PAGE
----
How should we handle alcohol this time of year?

Drinking to excess is never a good idea. Things can get out of control quickly, with someone getting way too angry or saying things inappropriately or just looking drunk to your kids. None of the above is good modeling. You’re an adult. You’re allowed to have a drink and that’s fine. But the drink is really a small adjunct of the party. It’s not a focus.

How about allowing our teenagers to have a drink?

I would err on the side of no here. That’s not a great message. Also, are there other adolescents at the party? If your teenager is allowed to have a drink, they will want one too. Is that okay with their parents? You are now going to have to be on top of your teenager’s drinking, in addition to everything else. You’re also opening a door, so what happens when it’s New Year’s or dad’s turning 50? Will your teenager be allowed a drink? I think you run into trouble that way.

What about when my teenager feels jealous that his sister got better presents?

Obviously, we try our best to be fair, but our teenagers don’t always see it that way. What you can then start to ask them is “What does it mean to you that you think your sister got a more ‘better’ gift?” Ask them for the translation. The hope is you can have a conversation. For instance, it can be an opportunity to talk to your teen about his feelings around the favoritism issue that can crop up in any family.

For many families, the holidays are a time to give back. Your Teen Holiday Survival Guide also features award-winning author Annie Fox, M. Ed., providing tips on how parents can help teenagers learn to pay it forward this season. According to Fox, “Start with a family meeting. The goal: To figure out, as a family, what will be your “holiday spirit” projects. Brainstorm ways the family can work together to help others. It might be something very local: committing to doing weekly errands for an elderly neighbor or collecting food for a food bank and/ or delivering it to needy families. Or your helping hand might extend to a global reach through any of the outstanding organizations helping people throughout the world. Find out who’s doing what at and support their efforts. Giving makes you (and any teen you want to inspire) part of the solution.”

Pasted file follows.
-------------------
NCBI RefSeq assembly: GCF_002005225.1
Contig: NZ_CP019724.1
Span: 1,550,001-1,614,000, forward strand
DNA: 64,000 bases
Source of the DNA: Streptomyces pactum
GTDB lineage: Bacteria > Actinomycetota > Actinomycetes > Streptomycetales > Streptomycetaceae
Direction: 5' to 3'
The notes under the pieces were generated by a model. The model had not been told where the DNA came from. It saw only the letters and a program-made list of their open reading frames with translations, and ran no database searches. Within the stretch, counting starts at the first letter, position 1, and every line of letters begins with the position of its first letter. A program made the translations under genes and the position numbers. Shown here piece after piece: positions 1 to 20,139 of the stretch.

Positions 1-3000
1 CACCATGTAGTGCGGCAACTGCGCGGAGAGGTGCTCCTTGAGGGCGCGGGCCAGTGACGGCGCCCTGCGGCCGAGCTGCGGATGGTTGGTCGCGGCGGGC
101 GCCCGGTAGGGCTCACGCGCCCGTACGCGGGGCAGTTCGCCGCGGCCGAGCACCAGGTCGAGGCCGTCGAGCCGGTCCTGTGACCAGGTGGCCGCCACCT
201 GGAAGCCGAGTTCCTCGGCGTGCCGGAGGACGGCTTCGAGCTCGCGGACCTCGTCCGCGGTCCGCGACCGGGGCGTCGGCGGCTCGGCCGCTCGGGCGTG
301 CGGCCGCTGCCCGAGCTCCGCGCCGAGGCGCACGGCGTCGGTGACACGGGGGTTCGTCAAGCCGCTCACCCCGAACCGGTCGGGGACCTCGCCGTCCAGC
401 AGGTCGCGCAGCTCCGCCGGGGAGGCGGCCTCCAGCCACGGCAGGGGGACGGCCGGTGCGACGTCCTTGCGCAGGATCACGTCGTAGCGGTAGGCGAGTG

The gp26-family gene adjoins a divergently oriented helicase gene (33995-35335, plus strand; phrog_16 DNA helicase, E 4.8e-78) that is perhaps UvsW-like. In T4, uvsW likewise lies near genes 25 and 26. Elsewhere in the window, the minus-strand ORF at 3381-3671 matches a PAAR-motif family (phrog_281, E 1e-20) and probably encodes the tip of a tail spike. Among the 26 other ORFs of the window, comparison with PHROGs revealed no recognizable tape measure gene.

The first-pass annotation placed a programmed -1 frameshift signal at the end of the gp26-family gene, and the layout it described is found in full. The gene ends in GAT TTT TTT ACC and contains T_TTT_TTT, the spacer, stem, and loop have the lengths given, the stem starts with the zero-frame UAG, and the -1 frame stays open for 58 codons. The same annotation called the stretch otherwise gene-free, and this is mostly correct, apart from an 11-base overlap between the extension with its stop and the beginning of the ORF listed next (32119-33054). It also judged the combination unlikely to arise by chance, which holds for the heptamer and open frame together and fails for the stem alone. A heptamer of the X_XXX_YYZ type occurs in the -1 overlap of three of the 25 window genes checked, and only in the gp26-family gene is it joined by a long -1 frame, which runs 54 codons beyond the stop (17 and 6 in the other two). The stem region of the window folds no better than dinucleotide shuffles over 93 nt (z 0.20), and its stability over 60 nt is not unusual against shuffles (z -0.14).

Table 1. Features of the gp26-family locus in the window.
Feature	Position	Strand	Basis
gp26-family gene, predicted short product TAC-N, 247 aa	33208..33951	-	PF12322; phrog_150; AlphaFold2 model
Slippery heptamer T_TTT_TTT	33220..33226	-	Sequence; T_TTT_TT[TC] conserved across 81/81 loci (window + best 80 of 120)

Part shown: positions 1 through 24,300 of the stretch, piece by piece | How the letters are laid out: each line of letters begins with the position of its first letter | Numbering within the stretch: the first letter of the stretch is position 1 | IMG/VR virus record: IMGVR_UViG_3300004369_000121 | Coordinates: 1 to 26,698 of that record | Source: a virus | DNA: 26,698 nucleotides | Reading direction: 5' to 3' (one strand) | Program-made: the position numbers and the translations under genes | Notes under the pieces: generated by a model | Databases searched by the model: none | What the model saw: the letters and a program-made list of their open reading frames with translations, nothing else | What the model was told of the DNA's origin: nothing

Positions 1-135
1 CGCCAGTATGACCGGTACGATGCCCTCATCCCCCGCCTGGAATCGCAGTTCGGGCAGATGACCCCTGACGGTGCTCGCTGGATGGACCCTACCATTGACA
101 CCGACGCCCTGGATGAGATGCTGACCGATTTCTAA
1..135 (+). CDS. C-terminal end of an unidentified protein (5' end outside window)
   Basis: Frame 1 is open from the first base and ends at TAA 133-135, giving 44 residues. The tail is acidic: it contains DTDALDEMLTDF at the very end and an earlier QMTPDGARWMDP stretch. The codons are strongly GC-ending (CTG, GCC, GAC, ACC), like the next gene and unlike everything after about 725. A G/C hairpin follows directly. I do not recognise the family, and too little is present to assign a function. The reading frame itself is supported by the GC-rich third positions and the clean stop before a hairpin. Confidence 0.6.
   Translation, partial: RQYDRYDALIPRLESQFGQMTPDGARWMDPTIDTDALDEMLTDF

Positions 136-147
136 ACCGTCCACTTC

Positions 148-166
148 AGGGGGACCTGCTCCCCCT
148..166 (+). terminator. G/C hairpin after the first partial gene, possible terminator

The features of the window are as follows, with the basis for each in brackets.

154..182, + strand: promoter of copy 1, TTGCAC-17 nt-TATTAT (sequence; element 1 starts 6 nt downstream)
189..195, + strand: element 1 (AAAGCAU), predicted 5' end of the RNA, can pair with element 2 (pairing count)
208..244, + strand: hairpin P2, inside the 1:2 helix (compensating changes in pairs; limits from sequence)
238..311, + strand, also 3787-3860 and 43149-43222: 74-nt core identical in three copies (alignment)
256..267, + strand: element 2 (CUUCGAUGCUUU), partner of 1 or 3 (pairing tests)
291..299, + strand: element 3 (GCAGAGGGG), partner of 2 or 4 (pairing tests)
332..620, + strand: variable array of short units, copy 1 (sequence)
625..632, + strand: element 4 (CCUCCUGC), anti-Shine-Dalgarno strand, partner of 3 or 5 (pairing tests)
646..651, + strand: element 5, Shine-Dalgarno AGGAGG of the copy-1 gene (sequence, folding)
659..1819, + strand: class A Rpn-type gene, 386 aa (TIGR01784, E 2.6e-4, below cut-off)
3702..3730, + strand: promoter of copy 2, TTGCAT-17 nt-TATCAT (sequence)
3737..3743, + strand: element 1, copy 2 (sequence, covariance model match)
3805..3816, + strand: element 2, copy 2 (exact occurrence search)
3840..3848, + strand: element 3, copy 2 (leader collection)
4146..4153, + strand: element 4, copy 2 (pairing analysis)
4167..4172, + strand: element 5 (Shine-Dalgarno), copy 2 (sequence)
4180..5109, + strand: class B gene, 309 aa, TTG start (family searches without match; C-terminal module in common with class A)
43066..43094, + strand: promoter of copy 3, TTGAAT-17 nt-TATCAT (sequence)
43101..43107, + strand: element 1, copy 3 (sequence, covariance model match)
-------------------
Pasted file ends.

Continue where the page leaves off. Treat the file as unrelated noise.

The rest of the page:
Brimming with information on making your holiday fun, stress free and fulfilling for your teen and the whole family, the Your Teen Holiday Survival Guide is a must read as we approach the long holiday season.

Your Teen Quarterly Magazine and is a leading source for parents seeking high-quality information and advice about raising teenagers. For subscriptions, go to

About Your Teen Magazine:

Your Teen addresses the challenges inherent in raising teens and helps parents of teens to continue the journey toward the goal of successful parent. In the magazine format, parents can post questions, offer personal tactics and hear the different perspectives of professionals, other parents and teenagers on relevant topics. Your Teen hopes to ease the worry.

Share article on social media or email:

View article via:

Pdf Print

Contact Author

Susan Borison
Visit website